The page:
Farmer’s Almanac Tornado Prediction for 2014

clip_image002

Presented here for those in affected areas

http://www.farmersalmanac.com/weather/2014/03/17/our-2014-tornado-season-forecast/

Our 2014 Tornado Season Forecast!

by Caleb Weatherbee | Monday, March 17th, 2014 | From: Weather

clip_image003

Spring arrives this week, at least according to astronomy, if not meteorology.

While springtime means longer days, more sunlight, and warmer weather, the season also means the height of tornado season.

While tornadoes can occur at any time of the year, tornado season’s traditional period of peak activity is from March through early July.

Each year, an average of 1,200 tornadoes touch down in the United States, and the vast majority form in the spring and early summer.

Similarly, while tornadoes can touch down just about anywhere in North America, they are most likely to occur in the area known as “Tornado Alley,” which runs roughly through the Central Plains from Texas to Nebraska.

Within that area, Texas has the highest number of tornadoes, with an average of 124 each year.

On average, tornadoes kill about 70 Americans each year, and injure another 1,500.

By that measure, last year’s tornado season was somewhat mild, with 811 confirmed tornadoes in the U.S. and 55 fatalities, a slight decrease from the previous year.

The opening months of 2014 have brought 46 confirmed tornadoes in the U.S. So far, all of those have been minor – E2 and lower – with no reported fatalities.

In the 2014 Farmers’ Almanac, we predicted that “tornado alley,” in the nation’s midsection, would see an active year, with a dangerous flare-up in April and again in June.

In particular, watch for a strong tornado threat tornado Central and Southern Texas, as well as Louisiana, in the opening days of April.

Ongoing stormy weather throughout the month will mean continued risk.

Another heavy storm system could bring tornado activity in the opening week of May, as could a few locally strong thunderstorms in Oklahoma and Texas at the end of the month.

June will bring even more thunderstorms with the potential for tornadoes, particularly near the official start of summer on the 21st.

For a more detailed look at what’s in store for you region, visit our long range forecast.

clip_image004Caleb Weatherbee is the official forecaster for the Farmers’ Almanac. His name is actually a pseudonym that has been passed down through generations of Almanac prognosticators and has been used to conceal the true identity of the men and women behind our predictions.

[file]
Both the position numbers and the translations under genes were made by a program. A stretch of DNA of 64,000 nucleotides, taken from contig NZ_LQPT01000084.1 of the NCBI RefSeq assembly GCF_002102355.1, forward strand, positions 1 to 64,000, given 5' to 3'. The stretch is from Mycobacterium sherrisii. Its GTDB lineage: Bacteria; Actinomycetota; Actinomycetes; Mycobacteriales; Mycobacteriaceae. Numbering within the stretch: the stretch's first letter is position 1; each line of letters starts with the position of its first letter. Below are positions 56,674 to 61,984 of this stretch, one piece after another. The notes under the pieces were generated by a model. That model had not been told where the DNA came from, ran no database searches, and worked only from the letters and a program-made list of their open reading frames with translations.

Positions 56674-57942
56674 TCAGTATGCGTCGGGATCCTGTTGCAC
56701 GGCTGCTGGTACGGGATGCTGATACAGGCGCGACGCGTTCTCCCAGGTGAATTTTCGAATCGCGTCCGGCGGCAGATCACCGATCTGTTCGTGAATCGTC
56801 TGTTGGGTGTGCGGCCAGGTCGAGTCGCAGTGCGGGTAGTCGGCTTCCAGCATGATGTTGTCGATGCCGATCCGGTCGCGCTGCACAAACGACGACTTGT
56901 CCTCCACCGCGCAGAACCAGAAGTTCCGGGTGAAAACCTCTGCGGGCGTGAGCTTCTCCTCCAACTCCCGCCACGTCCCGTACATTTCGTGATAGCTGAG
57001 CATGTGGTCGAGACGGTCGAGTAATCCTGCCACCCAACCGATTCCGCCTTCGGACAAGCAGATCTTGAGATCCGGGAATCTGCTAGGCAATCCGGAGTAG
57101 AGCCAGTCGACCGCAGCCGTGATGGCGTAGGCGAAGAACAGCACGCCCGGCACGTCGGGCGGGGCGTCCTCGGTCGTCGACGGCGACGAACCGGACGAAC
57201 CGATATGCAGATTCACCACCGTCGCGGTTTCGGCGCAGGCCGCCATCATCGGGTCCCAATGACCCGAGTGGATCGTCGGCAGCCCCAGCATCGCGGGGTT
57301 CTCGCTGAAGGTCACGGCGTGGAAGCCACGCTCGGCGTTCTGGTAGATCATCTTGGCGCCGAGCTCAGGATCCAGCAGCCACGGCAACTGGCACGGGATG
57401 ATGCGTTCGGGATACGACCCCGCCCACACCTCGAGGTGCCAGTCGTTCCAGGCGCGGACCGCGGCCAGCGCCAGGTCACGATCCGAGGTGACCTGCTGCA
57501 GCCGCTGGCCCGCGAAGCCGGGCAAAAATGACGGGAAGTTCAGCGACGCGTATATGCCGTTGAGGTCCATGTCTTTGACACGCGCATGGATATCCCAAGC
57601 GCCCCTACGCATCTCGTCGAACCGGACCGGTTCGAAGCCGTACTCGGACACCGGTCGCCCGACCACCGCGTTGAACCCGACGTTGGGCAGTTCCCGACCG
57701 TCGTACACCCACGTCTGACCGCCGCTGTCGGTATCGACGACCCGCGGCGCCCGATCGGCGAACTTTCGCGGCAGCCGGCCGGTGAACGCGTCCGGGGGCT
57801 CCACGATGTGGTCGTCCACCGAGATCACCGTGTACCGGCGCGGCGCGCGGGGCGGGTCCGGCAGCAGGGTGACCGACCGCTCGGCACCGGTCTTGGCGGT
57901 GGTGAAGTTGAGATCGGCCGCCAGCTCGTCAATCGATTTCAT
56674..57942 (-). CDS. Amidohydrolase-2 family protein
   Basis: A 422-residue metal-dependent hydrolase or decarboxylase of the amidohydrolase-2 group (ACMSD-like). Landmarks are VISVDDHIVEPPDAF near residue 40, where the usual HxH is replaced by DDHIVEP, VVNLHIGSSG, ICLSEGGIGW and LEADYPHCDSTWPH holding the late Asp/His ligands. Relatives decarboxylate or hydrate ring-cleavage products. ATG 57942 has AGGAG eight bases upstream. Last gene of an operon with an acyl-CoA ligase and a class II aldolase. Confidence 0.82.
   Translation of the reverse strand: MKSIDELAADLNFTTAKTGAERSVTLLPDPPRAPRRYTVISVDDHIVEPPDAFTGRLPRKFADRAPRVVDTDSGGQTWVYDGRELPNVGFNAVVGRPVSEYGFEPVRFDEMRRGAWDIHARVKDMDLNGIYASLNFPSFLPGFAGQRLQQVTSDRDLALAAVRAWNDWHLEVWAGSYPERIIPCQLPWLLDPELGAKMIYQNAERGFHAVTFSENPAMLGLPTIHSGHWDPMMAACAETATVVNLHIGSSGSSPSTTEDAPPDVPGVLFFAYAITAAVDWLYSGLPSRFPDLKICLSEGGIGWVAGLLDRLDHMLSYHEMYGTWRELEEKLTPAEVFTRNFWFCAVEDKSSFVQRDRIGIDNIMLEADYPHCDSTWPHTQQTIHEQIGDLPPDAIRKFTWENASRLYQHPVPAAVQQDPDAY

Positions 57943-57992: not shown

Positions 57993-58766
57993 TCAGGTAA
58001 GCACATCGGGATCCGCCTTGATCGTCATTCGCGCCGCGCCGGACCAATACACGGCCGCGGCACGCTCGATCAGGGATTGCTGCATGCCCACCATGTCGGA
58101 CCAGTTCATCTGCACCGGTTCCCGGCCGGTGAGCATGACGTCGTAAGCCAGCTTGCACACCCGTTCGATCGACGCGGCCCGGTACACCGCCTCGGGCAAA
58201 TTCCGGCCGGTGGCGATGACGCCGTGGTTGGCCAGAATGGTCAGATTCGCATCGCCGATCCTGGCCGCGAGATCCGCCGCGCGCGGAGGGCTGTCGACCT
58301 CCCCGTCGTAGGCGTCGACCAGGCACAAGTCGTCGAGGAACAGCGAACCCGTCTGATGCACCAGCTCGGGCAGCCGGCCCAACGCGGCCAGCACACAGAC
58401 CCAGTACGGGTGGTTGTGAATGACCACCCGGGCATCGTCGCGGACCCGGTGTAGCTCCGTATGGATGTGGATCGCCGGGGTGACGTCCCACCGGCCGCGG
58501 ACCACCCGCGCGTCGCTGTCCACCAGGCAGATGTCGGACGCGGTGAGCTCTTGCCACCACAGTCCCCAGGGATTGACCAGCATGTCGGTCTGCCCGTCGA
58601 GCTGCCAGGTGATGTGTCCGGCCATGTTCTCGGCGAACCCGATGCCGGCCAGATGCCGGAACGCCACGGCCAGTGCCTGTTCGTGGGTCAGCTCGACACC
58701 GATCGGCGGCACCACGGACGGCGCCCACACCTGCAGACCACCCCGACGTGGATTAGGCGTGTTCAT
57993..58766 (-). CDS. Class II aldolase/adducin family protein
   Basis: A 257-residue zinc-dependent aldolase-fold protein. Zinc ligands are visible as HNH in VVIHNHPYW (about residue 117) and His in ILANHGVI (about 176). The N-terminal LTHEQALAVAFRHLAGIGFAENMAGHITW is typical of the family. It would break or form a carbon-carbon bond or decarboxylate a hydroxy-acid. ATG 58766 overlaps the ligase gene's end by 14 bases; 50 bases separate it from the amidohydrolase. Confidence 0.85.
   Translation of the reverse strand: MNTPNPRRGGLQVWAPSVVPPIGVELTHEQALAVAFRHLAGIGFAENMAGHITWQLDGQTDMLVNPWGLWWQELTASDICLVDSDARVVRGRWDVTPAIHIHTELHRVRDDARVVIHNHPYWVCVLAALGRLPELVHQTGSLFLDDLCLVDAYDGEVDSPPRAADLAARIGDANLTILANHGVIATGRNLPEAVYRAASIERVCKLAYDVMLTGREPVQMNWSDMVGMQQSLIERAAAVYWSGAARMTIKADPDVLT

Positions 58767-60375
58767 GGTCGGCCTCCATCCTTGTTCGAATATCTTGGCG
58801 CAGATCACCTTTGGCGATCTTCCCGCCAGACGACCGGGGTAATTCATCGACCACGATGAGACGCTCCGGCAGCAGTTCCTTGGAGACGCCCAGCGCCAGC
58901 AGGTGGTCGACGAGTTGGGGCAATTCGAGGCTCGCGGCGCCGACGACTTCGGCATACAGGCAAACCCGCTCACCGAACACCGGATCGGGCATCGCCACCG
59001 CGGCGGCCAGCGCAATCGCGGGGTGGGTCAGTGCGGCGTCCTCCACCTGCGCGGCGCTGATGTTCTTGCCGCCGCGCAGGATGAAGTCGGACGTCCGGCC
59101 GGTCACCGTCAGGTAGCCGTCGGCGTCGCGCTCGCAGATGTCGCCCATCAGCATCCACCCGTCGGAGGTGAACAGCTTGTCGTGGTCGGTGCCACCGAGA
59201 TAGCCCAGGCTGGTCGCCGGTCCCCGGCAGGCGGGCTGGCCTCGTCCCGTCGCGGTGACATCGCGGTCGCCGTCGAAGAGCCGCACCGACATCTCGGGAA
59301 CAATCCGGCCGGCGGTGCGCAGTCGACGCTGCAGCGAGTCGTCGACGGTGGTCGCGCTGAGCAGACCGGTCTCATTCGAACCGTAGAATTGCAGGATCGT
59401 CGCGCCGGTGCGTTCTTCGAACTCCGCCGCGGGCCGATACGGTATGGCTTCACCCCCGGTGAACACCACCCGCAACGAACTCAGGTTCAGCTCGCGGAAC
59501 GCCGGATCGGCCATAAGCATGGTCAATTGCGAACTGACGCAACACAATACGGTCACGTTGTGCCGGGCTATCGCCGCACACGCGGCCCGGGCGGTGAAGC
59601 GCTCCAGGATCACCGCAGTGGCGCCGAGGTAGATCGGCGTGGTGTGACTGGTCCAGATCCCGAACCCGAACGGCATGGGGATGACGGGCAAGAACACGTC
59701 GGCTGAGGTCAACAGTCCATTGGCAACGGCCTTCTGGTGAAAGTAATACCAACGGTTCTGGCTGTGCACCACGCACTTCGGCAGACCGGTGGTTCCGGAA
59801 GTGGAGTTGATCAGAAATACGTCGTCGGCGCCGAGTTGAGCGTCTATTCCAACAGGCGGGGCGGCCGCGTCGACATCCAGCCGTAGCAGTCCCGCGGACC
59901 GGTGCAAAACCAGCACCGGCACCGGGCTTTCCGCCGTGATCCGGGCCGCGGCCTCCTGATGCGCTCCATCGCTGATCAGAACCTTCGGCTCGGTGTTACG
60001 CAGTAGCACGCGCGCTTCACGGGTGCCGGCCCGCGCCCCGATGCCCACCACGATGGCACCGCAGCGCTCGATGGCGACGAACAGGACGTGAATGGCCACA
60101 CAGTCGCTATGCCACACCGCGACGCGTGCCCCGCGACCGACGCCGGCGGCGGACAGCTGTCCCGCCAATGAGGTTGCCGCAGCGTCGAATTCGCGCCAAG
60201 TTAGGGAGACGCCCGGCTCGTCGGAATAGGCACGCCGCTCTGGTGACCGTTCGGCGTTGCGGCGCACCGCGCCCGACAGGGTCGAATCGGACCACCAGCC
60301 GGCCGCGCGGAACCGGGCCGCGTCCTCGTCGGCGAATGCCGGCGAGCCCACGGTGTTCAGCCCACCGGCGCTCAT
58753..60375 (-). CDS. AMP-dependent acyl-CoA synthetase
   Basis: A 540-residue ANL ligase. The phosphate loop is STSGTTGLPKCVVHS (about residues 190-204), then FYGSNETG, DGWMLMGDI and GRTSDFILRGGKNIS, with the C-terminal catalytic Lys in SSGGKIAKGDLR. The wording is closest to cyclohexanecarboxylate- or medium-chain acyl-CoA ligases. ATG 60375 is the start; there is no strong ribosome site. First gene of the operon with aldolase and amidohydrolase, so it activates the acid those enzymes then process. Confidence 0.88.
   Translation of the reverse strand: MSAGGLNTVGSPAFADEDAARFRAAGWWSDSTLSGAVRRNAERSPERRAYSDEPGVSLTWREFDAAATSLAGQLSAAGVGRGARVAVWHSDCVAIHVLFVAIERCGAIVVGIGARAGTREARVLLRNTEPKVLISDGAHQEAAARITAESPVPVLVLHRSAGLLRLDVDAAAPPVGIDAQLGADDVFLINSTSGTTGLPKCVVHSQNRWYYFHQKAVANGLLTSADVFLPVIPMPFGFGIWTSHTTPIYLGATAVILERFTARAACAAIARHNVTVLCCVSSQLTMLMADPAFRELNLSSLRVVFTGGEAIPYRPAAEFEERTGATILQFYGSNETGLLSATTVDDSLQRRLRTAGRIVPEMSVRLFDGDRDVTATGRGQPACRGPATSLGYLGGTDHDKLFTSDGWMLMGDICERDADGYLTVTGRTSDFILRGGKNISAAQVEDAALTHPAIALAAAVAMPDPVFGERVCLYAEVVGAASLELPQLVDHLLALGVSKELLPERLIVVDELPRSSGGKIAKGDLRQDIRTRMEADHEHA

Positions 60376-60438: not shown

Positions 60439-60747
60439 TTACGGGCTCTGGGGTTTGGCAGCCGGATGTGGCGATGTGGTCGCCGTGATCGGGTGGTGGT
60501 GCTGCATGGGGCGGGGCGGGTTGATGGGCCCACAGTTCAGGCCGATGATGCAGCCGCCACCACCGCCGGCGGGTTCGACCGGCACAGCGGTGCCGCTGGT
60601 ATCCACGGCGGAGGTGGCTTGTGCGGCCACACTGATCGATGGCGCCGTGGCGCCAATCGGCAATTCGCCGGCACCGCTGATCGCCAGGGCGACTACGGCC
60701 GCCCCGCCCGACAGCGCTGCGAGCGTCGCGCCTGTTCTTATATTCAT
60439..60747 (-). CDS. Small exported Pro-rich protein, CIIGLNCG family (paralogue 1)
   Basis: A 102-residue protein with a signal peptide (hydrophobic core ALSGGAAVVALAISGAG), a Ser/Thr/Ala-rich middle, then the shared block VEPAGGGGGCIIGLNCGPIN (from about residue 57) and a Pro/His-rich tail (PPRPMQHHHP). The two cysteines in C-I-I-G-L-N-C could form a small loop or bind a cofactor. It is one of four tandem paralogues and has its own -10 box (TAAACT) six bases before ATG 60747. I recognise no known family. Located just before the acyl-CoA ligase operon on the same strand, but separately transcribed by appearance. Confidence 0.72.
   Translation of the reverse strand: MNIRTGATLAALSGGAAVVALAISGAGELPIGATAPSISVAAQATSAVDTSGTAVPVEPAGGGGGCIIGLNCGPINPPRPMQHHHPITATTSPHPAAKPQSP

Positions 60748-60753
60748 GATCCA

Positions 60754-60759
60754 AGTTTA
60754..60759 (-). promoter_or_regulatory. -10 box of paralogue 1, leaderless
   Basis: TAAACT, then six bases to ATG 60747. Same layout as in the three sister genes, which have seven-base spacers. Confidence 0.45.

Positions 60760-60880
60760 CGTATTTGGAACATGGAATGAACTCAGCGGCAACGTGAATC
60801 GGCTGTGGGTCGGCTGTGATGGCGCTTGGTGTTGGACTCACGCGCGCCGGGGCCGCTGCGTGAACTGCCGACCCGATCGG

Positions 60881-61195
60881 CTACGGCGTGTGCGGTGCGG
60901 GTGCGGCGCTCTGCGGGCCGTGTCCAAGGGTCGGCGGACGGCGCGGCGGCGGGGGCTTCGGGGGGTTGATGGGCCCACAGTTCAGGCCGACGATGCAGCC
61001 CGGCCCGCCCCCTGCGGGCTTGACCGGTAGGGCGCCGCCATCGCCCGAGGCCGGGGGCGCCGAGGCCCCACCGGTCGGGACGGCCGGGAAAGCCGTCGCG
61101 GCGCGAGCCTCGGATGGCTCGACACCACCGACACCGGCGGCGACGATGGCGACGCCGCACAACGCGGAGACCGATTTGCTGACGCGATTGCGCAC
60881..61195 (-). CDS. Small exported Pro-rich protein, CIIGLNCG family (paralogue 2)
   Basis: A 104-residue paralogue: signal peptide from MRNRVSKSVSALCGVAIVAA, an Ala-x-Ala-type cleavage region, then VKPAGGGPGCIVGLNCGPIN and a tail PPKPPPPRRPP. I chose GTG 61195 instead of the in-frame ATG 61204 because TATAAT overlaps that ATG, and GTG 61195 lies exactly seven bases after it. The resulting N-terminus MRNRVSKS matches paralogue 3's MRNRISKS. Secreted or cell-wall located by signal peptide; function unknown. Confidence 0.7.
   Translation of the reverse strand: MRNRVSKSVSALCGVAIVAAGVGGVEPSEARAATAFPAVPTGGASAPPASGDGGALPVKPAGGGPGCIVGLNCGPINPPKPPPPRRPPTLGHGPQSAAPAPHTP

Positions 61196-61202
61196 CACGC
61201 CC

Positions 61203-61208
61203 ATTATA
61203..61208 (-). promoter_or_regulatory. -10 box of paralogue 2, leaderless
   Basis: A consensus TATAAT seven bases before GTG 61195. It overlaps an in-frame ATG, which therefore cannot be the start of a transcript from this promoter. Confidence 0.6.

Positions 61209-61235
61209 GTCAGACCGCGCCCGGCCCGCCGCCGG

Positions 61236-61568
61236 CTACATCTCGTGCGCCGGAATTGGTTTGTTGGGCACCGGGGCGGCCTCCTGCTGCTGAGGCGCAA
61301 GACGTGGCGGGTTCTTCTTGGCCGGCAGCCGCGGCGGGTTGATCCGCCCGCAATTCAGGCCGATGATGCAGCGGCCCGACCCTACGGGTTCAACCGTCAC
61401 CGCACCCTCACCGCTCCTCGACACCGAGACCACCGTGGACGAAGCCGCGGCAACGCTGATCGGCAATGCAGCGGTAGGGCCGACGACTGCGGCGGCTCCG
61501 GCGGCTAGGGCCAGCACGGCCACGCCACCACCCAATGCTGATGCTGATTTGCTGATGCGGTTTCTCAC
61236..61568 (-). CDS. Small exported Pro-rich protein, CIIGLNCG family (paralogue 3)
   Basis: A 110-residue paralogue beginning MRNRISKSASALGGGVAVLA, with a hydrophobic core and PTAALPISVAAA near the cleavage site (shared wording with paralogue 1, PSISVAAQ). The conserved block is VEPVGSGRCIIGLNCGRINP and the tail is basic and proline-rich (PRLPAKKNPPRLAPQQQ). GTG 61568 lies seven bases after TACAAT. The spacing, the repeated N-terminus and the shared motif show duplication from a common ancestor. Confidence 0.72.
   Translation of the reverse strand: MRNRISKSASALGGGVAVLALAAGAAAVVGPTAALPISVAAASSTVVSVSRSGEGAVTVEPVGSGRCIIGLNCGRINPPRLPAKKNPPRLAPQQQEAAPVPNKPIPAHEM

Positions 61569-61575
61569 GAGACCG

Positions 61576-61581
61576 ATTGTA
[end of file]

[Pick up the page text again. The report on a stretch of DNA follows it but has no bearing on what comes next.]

LONG RANGE:

http://www.farmersalmanac.com/long-range-weather-forecast/

Forecast for 2 months ahead. Can sign up for free account can you can get 4 months. Important for those living in tornado regions.

*******

Hit Control , and Click to follow link to your area ( NOT the map, but the names of locations below the map)

*******

Long Range Weather Forecast for U.S. & Canada from the Farmers’ Almanac

Farmers’ Almanac’s long range weather predictions are available here for 2 months and if you sign up for a FREE account with us, we’ll give you 4 months!

clip_image005

Control, Click here:

Newfoundland, LabradorNova Scotia, Prince Edward Island, New Brunswick, QuebecOntarioAlberta, Manitoba, SaskatchewanBritish Columbia

Find weather forecasts for the United States and Canada
by clicking on a zone in either map.

clip_image006

Control, Click here:

Northeast U.S.Midwest/Great Lakes U.S.Southeast U.S.North Central U.S.South Central U.S.Northwest U.S.Southwest U.S.AlaskaHawaii

Other Tornado news:

Florida:

http://www.foxnews.com/weather/2014/03/17/florida-tornado-watch-issued-for-14-counties-national-weather-service-says/

Government site, preparation:

http://www.ready.gov/tornadoes


2 Responses to “Farmer’s Almanac Tornado Prediction for 2014”

  1. […] here for […]

  2. Don’t worry I have heard of this kind of stuff since 1975. Nothing has happen since then and nothing will happen in the near future. Maybe in 2100 or beyond.

Leave a Reply

Fill in your details below or click an icon to log in:

WordPress.com Logo

You are commenting using your WordPress.com account. Log Out / Change )

Twitter picture

You are commenting using your Twitter account. Log Out / Change )

Facebook photo

You are commenting using your Facebook account. Log Out / Change )

Google+ photo

You are commenting using your Google+ account. Log Out / Change )

Connecting to %s

 
%d bloggers like this: